by Pearl S. Buck, 1946
Oasis Audio Production
read by Adam Verner
12 CD's, 15.25 hours
source: won from Oasis Audio through FridayReads twitter meme
In a nutshell:
Madame Wu, mistress of an old and respected Chinese family, decides to implement major changes in her household as she reaches the milestone of her fortieth birthday, beginning with the addition of a second wife for her husband as she 'retires' from her physical duties.
Heralding the beginning of a new phase of life, a woman's fortieth birthday held special significance in the great families of pre-communist China. The novel opens as Madame Wu prepares for her celebration.
"The first part of her life was over and the second part was about to begin. She did not fear age, for age had its honors for her. She would with each year gain in dignity and in the respect of her family and her friends. Nor was she afraid of losing her beauty, for she had allowed it to change with the years so subtly that it was still more apparent than her years. She no longer wore the flowering colors of her youth, but the delicacy of her face and skin were as clear now as ever against the soft silver blues and gray greens of her costumes. The whole effect of age upon her was one of refining and exalting rather than loss." page 6After careful deliberation, she enters into the second phase of life by selecting a second wife for her husband.
"Why had Heaven not made women twice as long-lived as men, so that their beauty and fertility might last as long as man lived and fade only with the generation? Why should a man's need to plant his seed continue too long for fulfillment in one woman?" page 34In addition to wielding much power within the family, Madame Wu is also a highly intelligent woman, an attribute both praised and lamented by her late father-in-law.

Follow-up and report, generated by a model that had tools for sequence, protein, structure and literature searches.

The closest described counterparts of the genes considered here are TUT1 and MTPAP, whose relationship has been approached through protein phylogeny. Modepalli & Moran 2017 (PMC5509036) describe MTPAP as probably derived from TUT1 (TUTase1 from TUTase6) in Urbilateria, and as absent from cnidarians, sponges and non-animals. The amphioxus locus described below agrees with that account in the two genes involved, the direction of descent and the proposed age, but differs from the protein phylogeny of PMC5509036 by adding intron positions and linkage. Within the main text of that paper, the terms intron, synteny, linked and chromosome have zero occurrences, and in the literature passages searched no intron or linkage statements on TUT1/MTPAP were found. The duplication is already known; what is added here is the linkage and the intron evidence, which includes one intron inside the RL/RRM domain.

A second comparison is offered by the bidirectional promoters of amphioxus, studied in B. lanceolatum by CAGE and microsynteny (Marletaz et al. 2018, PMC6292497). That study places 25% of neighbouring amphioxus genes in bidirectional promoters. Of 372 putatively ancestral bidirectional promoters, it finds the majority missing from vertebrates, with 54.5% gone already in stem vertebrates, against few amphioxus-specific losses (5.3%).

"Your mind is an excellent one for a woman... I would even say, my daughter, that had your brains been inside the skull of a man, you would have sat for the Imperial Examinations and passed them with honor and thereby become an official in the land. But your brain is not in a man's skull. It is in a woman's skull. A woman's blood infuses it, a woman's heart beats through it, and it is circumscribed by what must be a woman's life. In a woman it is not well for the brain to grow beyond the body." page 60When a foreign priest, Brother Andre, is employed to teach her son English, Madame Wu has initial misgivings and insists language be the only thing taught. However, she soon finds herself drawn to both the man and his ideas.
With all that said, I suppose Pavilion of Women could be viewed as the ultimate midlife crisis in an exotic setting, but in reality, it is so much more. Buck's familiarity with the country is evident, and her keen insight into Chinese culture, customs, and family dynamics shines through.
A note on the audio production:
The reader, Adam Verner, did an excellent job capturing the elegance, grace, and calm of Madame Wu, and the entire Wu household. The narration was perfectly suited to the text, but I initially had trouble adjusting to the slow pace. Still, it took less than one disc before I was entranced.
note: There were many profound passages I wanted to reread and share, so I borrowed an ancient copy of the book from my library.
I loved Pavilion of Women and plan to read much more by Pearl Buck, beginning with a reread of The Good Earth. Highly recommended.